- Aligning talent with business objectives can substantially increase performance, retention and company competitiveness, according to The Predictive Index's State of Talent Optimization Report. The study of 600 executives, including 200 CEOs, found that the alignment between talent and performance yields a 90% "strategic success rate" for businesses.
- However, the index showed that while most organizations have a business strategy, only 36% of the respondents had a talent strategy, and only 12% aligned it with their business strategy. In other words, having no talent strategy "is the norm," even though talent is both a huge company expense and a valuable asset. Respondents attributed 64% of their costs to labor, while attributing 72% of their organization's value to employees.
- Despite the importance of talent to the organization, execs said less than half of hires last year were good hires. On top of that, only 22% of companies surveyed said they know what's driving employees to disengage from work.
One of the biggest struggles for employers may be ensuring their talent practices live up to employee expectations. For example, employees in a McKinsey & Company survey said that CEOs and managers are why talent strategies do not succeed. While managers in the U.K.-based poll said they adopted most, if not all, of the practices in a list of 21 good talent management approaches, nonmanager respondents said that managers had trouble carrying out talent practices — or were the reason the new practices didn't work. For talent management to succeed, leadership needs to be onboard, or else attempts to change how things are done could make turnover worse.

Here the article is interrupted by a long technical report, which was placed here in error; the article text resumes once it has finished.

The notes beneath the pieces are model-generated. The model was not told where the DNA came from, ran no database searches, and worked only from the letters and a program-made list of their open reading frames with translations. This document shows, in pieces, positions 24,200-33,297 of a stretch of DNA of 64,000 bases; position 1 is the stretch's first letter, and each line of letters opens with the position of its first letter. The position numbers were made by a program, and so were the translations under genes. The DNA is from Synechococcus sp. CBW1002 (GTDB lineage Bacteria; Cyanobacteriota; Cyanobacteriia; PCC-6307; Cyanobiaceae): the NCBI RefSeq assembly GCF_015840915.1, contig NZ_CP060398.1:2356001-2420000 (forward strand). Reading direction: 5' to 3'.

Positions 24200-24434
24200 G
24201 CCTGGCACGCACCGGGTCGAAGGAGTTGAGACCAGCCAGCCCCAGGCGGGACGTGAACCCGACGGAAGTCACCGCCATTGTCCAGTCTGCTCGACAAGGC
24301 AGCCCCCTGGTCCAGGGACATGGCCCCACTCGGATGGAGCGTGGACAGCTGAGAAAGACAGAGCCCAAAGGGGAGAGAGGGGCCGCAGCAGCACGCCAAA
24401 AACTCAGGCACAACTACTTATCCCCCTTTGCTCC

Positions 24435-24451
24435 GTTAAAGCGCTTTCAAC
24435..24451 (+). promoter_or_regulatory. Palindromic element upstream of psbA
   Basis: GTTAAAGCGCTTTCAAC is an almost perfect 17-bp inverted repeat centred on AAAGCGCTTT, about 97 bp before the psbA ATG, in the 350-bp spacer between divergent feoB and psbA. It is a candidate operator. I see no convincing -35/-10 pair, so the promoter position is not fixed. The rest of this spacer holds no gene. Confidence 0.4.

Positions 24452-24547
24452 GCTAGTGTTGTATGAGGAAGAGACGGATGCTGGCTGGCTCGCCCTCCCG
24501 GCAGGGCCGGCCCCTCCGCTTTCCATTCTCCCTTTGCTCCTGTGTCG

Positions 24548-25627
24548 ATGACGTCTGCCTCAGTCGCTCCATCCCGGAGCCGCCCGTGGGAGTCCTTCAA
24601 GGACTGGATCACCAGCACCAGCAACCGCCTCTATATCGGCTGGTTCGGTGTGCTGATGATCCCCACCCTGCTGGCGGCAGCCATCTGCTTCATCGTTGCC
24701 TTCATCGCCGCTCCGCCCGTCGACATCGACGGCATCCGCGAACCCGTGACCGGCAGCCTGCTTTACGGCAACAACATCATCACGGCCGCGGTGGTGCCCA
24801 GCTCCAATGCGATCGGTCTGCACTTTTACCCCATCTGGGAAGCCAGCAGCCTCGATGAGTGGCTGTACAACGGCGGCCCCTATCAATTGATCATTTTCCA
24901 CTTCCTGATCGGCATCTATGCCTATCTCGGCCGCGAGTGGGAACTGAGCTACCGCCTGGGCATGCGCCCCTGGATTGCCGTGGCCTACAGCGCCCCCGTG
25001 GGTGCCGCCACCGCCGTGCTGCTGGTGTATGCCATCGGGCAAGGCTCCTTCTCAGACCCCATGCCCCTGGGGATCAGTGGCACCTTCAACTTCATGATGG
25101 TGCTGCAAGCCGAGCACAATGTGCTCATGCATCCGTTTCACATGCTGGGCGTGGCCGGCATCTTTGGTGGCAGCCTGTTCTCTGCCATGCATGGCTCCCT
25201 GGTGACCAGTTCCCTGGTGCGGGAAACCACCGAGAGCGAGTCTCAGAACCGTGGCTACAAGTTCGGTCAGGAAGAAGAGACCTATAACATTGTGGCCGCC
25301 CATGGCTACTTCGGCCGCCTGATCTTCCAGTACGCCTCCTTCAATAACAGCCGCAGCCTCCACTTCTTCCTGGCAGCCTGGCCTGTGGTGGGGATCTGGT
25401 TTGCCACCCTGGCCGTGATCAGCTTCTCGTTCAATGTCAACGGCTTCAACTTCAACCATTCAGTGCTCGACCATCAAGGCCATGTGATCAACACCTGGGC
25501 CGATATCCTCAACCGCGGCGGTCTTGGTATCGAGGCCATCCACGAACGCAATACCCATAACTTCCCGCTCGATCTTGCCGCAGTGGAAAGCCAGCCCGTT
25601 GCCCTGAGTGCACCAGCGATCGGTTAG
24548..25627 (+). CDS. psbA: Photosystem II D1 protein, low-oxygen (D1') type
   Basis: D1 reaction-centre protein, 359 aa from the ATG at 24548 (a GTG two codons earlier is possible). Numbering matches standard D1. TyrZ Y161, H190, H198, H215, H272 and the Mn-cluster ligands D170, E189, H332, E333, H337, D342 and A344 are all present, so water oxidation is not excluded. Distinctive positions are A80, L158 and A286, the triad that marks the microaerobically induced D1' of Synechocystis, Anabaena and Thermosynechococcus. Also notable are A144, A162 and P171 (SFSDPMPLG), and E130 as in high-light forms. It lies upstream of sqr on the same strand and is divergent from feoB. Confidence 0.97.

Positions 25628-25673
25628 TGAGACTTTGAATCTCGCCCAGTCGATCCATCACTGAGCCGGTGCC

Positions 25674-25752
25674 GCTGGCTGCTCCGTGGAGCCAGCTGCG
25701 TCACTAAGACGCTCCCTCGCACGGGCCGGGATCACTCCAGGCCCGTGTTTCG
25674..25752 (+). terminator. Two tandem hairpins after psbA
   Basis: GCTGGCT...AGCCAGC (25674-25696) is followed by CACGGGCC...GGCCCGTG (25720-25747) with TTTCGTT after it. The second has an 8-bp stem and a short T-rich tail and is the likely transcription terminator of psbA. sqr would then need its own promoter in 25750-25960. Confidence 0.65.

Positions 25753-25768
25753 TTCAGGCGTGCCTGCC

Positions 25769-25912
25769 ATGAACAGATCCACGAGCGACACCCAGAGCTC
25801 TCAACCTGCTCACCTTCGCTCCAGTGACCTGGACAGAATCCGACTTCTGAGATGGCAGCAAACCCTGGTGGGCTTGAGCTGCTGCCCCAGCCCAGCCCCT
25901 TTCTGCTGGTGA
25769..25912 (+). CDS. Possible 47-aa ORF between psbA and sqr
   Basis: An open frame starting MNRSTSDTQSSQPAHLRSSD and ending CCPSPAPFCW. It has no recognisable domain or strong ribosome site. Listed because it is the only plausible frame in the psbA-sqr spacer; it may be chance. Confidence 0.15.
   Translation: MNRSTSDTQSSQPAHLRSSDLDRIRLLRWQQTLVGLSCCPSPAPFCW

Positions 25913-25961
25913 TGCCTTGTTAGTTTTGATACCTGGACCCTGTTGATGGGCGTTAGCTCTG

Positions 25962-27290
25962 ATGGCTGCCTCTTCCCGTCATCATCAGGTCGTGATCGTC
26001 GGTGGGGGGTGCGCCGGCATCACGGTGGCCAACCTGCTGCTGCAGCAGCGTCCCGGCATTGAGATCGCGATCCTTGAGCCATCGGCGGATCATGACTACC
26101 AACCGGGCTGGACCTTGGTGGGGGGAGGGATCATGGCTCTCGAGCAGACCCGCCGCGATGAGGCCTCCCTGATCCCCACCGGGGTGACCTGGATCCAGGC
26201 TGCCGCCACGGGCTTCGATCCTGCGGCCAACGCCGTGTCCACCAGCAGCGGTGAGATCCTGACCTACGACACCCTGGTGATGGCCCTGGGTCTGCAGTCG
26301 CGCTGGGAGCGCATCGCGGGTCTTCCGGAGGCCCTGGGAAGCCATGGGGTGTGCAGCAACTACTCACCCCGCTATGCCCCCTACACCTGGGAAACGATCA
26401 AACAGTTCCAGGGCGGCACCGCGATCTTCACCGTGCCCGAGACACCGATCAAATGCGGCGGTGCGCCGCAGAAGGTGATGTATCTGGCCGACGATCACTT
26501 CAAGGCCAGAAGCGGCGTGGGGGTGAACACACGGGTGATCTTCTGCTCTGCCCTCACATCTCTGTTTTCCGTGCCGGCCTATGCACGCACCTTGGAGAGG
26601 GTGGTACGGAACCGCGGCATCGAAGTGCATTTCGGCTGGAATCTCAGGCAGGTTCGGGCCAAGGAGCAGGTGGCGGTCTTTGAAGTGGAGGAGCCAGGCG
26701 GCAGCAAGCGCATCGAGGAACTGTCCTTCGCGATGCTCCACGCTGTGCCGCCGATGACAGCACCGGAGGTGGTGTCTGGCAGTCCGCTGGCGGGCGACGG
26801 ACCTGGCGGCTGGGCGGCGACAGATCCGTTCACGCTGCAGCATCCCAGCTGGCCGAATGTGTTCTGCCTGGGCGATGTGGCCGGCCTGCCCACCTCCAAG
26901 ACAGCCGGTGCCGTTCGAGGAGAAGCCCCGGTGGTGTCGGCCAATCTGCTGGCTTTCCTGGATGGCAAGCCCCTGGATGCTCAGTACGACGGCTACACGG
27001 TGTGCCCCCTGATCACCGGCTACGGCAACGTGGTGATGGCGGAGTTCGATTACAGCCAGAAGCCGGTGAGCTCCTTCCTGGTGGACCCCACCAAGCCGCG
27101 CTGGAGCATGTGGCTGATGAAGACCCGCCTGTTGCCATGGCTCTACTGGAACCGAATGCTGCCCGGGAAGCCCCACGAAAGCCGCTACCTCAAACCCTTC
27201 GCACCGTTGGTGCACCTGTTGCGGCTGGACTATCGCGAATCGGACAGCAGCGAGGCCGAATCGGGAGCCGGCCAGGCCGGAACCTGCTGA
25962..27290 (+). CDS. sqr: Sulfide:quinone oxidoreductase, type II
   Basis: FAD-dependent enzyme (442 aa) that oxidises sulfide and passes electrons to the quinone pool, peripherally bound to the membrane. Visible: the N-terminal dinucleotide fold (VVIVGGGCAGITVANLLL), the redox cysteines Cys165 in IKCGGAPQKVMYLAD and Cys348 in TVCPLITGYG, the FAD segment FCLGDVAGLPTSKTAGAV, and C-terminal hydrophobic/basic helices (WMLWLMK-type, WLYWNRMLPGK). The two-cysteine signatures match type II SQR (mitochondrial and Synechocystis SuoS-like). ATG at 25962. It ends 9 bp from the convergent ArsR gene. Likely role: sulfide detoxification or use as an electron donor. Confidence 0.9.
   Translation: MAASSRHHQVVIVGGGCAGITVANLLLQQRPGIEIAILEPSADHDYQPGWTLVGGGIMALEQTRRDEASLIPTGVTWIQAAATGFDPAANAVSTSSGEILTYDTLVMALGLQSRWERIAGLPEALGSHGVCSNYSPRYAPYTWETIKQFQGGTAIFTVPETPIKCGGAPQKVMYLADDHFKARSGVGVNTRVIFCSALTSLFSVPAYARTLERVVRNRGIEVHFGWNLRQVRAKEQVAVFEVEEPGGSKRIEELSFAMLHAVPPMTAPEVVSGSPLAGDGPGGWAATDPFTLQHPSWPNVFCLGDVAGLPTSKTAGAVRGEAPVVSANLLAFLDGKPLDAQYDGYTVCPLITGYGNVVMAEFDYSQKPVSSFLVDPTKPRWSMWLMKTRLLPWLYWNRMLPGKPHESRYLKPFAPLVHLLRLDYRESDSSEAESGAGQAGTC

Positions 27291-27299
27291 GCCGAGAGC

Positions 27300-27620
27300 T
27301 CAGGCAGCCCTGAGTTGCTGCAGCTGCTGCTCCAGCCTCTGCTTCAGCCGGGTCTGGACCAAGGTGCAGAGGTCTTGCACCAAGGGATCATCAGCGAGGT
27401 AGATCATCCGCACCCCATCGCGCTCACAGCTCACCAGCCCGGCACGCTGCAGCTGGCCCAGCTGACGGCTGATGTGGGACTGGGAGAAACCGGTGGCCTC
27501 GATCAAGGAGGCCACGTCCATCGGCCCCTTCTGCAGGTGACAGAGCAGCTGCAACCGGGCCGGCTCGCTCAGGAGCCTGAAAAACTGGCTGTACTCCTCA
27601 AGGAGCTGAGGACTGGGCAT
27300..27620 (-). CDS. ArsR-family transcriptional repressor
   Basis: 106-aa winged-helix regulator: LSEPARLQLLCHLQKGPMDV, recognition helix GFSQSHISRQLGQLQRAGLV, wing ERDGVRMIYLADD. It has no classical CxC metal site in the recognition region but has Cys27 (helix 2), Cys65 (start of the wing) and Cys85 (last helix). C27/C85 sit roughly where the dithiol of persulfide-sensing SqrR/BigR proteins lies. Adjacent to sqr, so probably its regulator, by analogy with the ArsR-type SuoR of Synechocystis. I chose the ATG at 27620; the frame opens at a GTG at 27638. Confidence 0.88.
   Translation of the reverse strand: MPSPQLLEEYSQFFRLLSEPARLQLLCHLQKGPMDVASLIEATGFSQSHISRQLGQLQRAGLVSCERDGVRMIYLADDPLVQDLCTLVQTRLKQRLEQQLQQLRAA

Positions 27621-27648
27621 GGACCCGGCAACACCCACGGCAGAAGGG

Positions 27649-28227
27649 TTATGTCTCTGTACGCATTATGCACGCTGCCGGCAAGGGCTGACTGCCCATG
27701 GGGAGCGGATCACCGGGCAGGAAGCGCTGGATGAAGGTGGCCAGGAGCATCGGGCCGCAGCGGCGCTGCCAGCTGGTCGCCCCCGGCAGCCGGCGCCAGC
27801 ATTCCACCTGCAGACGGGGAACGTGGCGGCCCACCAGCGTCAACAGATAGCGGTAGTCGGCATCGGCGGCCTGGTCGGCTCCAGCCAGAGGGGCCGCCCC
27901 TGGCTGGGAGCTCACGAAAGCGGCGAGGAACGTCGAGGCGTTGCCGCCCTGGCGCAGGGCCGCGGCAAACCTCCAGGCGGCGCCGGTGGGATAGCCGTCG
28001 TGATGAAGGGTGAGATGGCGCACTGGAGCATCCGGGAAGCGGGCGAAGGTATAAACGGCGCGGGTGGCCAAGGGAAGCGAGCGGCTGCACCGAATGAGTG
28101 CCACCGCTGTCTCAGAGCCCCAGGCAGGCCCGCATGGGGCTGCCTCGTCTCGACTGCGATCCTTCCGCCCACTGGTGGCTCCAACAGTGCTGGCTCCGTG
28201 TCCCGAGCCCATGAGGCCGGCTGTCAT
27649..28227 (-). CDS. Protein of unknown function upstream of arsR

Strong leadership is especially important, as a more proactive rather than reactive approach is trending for talent acquisition in 2020, experts previously told HR Dive. "It's going to change the way HR business partners approach … workforce planning," Michael Stephan, Deloitte's US human capital leader, said. "Not just how many heads you need, but 'where is the best place to access this particular talent?'"
With talent sourcing remaining a large source of anxiety, some experts believe the solution lies in knowing when to buy talent and when to develop it. When recruiters come up short, developing a workforce through training and upskilling may be a necessary dual-track solution. Leah Belsky, Coursera's chief enterprise officer, made the case for building a workforce in a previous email to HR Dive. "Facing a skills shortage afflicting most industries, businesses are doubling down on training their own talent in critical skills instead of hiring from a sparse talent pool," Belsky said. She added that building a culture with clear development and learning opportunities can raise employee satisfaction and retention.